potan New Member

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  12. cyodine

    Original Member

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    Which reminds me of another posting I made awhile back about the dangers of giving out your source code and having clones pop up right after using it.. Damn, I'm on a roll. :p
     
  13. ecruz

    Original Member

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    Wow, piracy is one thing but ripping off and making profit out of someone else work is just ruthless, money has blinded all this jackass.

    But i heard this is pretty common especially for flash games, (not to be a racist) where a chinese/indian company will decompile your game and take off all your credits & resell it again either on web / on appstore.
     
  14. GolfHacker

    GolfHacker Member

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    I've been sharing the progress on my current project in my monthly newsletters for over a year now. But then, I'm working on a sequel to an existing game. If someone wanted to rip me off, they're too late - the first game has been out for 5 years now.

    I think sharing screenshots and information about your game project is good for building hype, but you don't want to be accused of being the next Duke Nukem Forever. I think you have to pick the best strategic time to do it, so the hype won't die off before you finish.
     
  15. MrPhil

    Original Member

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    By my reckoning, you should take an approach that fits the game and appeals to the audience of the game. Some quick examples:
    Angry Birds - No
    Minecraft - Yes
    Desktop Tower Defense - No
    Overgrowth - Yes
    Bejeweler 12 - No
    Revenge of the Titans - Yes
    Smiles - No

    Here's a couple made by the same person but the games have different answers
    Monaco - Yes
    Wildlife Tycoon: Venture Africa - No

    Edit: Yes meaning, open development approach
     
  16. Arowx

    Arowx New Member

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  17. MrPhil

    Original Member

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  18. richtaur

    Indie Author

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    The biggest downside IMO is the time it takes to do it. Pretty sure Wolfire has a dedicated PR person which is how they can afford to blog every single day without affecting their development productivity.

    I don't agree that getting cloned should be a primary concern for a few reasons. First, as Wolfire has shown, having someone rip you off can be very beneficial -- they've popped up on just about every news site I read (even Slashdot) regarding that counterfeit story, which I'm sure has increased their sales. In the long run they're probably glad it happened.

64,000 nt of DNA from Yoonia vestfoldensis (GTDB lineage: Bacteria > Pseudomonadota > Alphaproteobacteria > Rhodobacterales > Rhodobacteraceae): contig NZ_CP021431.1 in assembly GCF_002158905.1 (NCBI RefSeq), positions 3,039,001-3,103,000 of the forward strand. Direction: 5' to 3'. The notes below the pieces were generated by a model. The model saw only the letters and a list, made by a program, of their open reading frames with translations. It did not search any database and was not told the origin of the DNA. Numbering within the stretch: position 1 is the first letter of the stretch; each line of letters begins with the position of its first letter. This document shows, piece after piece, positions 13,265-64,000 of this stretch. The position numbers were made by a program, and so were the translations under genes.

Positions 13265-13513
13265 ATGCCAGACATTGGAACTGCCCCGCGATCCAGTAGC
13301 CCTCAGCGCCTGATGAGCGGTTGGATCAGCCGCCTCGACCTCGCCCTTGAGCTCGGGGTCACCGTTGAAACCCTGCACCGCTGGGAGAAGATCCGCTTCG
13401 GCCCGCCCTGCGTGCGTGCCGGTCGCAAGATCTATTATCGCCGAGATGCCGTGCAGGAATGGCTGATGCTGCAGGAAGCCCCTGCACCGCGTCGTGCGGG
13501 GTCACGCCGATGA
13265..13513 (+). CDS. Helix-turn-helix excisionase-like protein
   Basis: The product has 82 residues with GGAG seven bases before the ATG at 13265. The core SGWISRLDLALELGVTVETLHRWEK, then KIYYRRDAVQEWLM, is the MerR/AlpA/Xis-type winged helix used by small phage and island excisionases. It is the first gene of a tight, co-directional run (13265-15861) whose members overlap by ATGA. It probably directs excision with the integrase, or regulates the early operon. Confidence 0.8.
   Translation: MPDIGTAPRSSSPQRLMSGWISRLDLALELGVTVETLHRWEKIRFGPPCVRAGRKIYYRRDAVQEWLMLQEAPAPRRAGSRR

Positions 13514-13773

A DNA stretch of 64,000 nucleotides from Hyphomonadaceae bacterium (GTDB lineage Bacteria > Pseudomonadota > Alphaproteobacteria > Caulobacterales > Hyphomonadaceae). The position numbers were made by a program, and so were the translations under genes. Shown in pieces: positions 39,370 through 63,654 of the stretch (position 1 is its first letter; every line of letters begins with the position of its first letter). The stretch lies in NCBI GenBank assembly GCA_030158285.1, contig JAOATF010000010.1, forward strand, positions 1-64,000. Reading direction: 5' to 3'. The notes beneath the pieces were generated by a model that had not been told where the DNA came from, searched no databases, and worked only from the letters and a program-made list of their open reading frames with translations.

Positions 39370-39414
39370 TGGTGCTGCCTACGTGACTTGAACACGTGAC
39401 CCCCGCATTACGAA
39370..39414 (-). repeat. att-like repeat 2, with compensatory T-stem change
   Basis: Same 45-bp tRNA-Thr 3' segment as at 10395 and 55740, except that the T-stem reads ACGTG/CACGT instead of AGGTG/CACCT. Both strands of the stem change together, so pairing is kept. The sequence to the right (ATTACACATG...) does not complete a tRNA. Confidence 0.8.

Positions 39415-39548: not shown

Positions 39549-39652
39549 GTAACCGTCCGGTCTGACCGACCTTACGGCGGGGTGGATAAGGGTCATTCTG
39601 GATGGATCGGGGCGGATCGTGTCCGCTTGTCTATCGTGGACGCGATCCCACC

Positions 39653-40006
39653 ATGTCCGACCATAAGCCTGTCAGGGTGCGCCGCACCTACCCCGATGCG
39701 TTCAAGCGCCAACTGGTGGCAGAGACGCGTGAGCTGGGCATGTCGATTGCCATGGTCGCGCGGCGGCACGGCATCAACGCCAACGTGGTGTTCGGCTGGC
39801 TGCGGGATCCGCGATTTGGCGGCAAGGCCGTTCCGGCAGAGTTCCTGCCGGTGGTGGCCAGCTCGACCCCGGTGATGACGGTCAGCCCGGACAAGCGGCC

I think the biggest fear for the average unknown indie is to remain unknown, so get the word out and be as noisy as possible.

    They totally are, they're just not as prolific as Wolfire.
     
  19. Chris England

    Chris England New Member

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    We're taking a similar approach to Wolfire with Xenonauts (an indie strategy game, inspired by X-Com), but a bit less extreme. We don't blog every day as sadly I'm too busy for that, but the advantages for us of being community-orientated have been significant:

    1) We've had a significant number of pre-orders: I won't go into exactly how many, but it amounts to thousands of dollars of funding and has been very beneficial to our development efforts.

    2) The community are brilliant bug testers - we recently released our first build to the pre-order community, a build I thought was rock solid and had almost no bugs in it. They found 80 bugs within two days, with eight or nine of them being crash bugs. I dread to think what would have happened if we'd sent that code to a news outlet etc before we'd corrected them.

    3) They have provided a LOT of good ideas. The people on the forums know X-Com just as well as I do, and they have contributed a lot of good ideas and tweaks to development. We probably only use about 2% of the ideas suggested to us, but some of the suggestions provide that little 'eureka' moment.

    4) Seeing a busy forum and a good site, and coverage on news sites etc allows you to attract talented people to your project team more easily. If you're paying at far below market rate, you'll only be able to attract genuinely skilled people if they're interested in the work.

    5) It's nice to know people appreciate what you're doing. Operating in a vacuum can be depressing, so it's nice to have a bit of positive support in the background.

    So, personally, I think you should get the community as involved as possible. For me the important thing is protecting the end-game units and tech tree, rather than anything else, so we've revealed a lot about the mechanics of the game etc but they're not really spoiling anything, as the exciting stuff is still all under wraps.

    I think the community-driven approach is one of the key advantages the indie scene has over the big-name studios, and I think you'd be crazy not to use it. That's my two cents, hope they helped.
     
  20. Applewood

    Moderator Original Member Indie Author

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    +1

    Tell the world, get some interest built up. If someone can beat you to the punch then you're not going to make it anyway.